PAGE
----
AVM Osho took me on my first flying experience in 1983. I was a tiny secondary school boy holidaying in Lagos. Vice-President Alex Ekwueme had travelled to Enugu state on an official visit. AVM Osho flew Hercules C-130 to Enugu to bring Ekwueme’s official vehicles — two green-coloured Mercedes-Benz cars, as I recall — back to Lagos. I sat behind him in the cockpit having the experience of my life. As we were about to fly over River Niger, he beckoned on me. He “tilted” the aircraft a little to the side and said: “This is the River Niger.” My classmates in the village had to know I flew in an aeroplane! I was no longer their mate.
AVM Osho made such an impact on my life. I saw humility and compassion, godliness and contentment. If I could possess half of his virtues in this life, I would be a fulfilled man. He took me like a son. I started calling him “Daddy” from when I was five (I lost my father at 4). He acted as my father on my wedding day. Actually, he was married to my aunt. But he loved us so much and we so much loved him that you would think we were biologically related to him. An uncle of mine, writing under “appreciation” in his undergraduate dissertation, thanked AVM Osho profusely for his love and care. He wrote: “What else could a father have done?”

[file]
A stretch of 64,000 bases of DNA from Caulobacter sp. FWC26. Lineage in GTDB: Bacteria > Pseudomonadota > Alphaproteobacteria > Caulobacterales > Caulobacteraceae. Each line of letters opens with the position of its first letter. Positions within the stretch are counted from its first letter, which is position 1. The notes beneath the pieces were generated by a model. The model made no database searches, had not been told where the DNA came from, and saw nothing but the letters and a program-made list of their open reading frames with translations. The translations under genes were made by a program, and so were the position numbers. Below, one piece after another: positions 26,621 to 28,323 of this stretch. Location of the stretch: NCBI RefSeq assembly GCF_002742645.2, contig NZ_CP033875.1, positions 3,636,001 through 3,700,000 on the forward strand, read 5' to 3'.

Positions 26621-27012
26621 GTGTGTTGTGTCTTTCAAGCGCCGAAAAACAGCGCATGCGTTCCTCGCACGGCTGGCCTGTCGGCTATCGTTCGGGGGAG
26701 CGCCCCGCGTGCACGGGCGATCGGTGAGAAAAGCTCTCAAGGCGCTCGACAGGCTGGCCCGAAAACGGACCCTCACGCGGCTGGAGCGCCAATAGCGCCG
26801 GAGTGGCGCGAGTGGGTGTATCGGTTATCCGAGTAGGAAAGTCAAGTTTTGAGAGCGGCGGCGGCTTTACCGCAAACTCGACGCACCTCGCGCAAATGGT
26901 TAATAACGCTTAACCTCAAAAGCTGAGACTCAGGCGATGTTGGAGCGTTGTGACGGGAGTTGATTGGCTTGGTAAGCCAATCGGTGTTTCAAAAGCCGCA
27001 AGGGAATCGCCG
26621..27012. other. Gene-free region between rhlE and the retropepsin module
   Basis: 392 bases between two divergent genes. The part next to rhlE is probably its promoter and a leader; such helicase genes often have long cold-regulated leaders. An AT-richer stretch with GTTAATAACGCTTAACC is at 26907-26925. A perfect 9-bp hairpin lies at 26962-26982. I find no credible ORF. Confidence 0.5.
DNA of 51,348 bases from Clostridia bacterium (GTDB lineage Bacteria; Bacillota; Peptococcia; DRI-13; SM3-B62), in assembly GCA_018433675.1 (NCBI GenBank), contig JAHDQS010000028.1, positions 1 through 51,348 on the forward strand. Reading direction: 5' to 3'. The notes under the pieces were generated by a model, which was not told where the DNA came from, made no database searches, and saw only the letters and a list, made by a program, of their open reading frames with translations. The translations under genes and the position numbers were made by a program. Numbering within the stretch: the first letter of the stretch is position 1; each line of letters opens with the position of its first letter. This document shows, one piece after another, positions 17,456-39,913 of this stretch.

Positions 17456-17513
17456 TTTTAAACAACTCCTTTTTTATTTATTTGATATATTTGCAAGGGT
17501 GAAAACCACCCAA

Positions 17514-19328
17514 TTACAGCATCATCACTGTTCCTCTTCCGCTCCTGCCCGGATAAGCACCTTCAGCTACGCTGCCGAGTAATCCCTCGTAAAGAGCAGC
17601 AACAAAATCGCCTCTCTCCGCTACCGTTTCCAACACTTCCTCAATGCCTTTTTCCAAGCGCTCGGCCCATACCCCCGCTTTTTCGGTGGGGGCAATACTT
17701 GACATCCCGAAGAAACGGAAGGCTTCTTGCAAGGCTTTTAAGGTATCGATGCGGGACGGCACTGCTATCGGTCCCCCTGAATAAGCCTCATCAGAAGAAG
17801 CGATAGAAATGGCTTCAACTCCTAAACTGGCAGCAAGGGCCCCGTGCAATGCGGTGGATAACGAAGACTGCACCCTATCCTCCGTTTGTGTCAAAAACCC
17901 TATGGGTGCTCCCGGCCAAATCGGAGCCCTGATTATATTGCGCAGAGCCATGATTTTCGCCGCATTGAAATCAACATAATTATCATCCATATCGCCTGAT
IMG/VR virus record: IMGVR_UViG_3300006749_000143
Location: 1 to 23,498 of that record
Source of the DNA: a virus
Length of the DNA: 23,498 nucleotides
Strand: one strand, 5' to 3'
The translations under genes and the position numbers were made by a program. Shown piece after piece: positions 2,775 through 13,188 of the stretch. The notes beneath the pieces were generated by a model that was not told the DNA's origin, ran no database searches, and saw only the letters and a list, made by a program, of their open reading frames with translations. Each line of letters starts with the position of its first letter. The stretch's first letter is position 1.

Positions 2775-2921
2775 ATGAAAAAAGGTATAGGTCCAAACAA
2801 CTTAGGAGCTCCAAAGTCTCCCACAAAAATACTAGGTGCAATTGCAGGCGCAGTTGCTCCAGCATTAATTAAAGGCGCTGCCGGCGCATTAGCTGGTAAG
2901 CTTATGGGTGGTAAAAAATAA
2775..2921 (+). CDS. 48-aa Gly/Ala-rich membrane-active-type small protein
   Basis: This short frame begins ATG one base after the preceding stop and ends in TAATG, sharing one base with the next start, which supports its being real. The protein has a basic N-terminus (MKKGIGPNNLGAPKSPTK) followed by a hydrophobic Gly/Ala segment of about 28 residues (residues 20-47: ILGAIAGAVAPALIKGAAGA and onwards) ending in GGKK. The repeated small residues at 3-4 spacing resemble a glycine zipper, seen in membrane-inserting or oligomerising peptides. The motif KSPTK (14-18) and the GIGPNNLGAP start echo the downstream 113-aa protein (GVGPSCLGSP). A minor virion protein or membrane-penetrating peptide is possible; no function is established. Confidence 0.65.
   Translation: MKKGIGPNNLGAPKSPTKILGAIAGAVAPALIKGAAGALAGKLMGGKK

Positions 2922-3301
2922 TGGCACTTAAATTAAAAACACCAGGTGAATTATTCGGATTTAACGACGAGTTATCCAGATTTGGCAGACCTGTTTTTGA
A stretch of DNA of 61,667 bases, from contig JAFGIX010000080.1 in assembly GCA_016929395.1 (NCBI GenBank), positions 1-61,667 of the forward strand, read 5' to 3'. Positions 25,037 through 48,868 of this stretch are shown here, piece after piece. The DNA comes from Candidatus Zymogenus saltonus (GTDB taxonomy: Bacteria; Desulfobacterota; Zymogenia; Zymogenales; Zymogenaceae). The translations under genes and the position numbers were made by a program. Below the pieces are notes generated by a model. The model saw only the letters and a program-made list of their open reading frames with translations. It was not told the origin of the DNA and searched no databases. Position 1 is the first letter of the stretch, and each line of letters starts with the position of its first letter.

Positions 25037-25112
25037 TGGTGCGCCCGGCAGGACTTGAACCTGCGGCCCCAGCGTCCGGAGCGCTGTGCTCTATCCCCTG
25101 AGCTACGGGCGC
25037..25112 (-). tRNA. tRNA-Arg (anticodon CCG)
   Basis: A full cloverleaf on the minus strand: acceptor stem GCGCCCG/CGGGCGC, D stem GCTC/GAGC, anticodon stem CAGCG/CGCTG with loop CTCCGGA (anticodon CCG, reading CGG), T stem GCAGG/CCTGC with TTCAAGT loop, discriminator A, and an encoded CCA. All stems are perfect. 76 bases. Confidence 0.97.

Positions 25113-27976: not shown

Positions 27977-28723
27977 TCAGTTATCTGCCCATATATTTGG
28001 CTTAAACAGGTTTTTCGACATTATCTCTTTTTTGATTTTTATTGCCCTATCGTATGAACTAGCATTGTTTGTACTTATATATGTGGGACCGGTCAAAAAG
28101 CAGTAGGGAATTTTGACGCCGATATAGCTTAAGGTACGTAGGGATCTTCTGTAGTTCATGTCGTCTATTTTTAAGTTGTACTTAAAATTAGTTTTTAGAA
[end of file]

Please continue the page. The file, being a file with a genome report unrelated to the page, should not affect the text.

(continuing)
AND FOUR OTHER THINGS…
Sani vs Sani
I once said APC is the most disorganised ruling party in Nigeria’s history. I now wish to withdraw that statement. They are worse than that. Their conduct of the 2019 primaries made PDP look like a gathering of angles. The most dramatic must be the Kaduna central district, which Senator Shehu Sani currently represents. Mallam Uba Sani, his challenger, was mysteriously screened out by the party. Senator Sani was to be returned unopposed. The primary still went ahead and Uba Sani won. Shehu Sani appealed and it was upheld, but Uba Sani has finally won the tug-of-war. The senator has now quit the party in anger. Over all, APC is nothing but a house of commotion. Pathetic.
Kanu is back
After disappearing for over one year, Nnamdi Kanu, the supreme leader of Indigenous people of Biafra (IPOB), is back in the limelight. In the photos and videos shared online by Radio Biafra, the IPOB leader was seen observing some religious rites in Jerusalem. There are more questions than answers. Are the images recent? Would it not be a dangerous gambit for him to travel to Israel at a time he has been declared wanted in Nigeria? Are old videos being presented as fresh to create the impression that he has the support of Israel? The comforting thing for me, though, is that: going by new revelations, he has not been killed as alleged by IPOB. That settles the puzzle. Finally.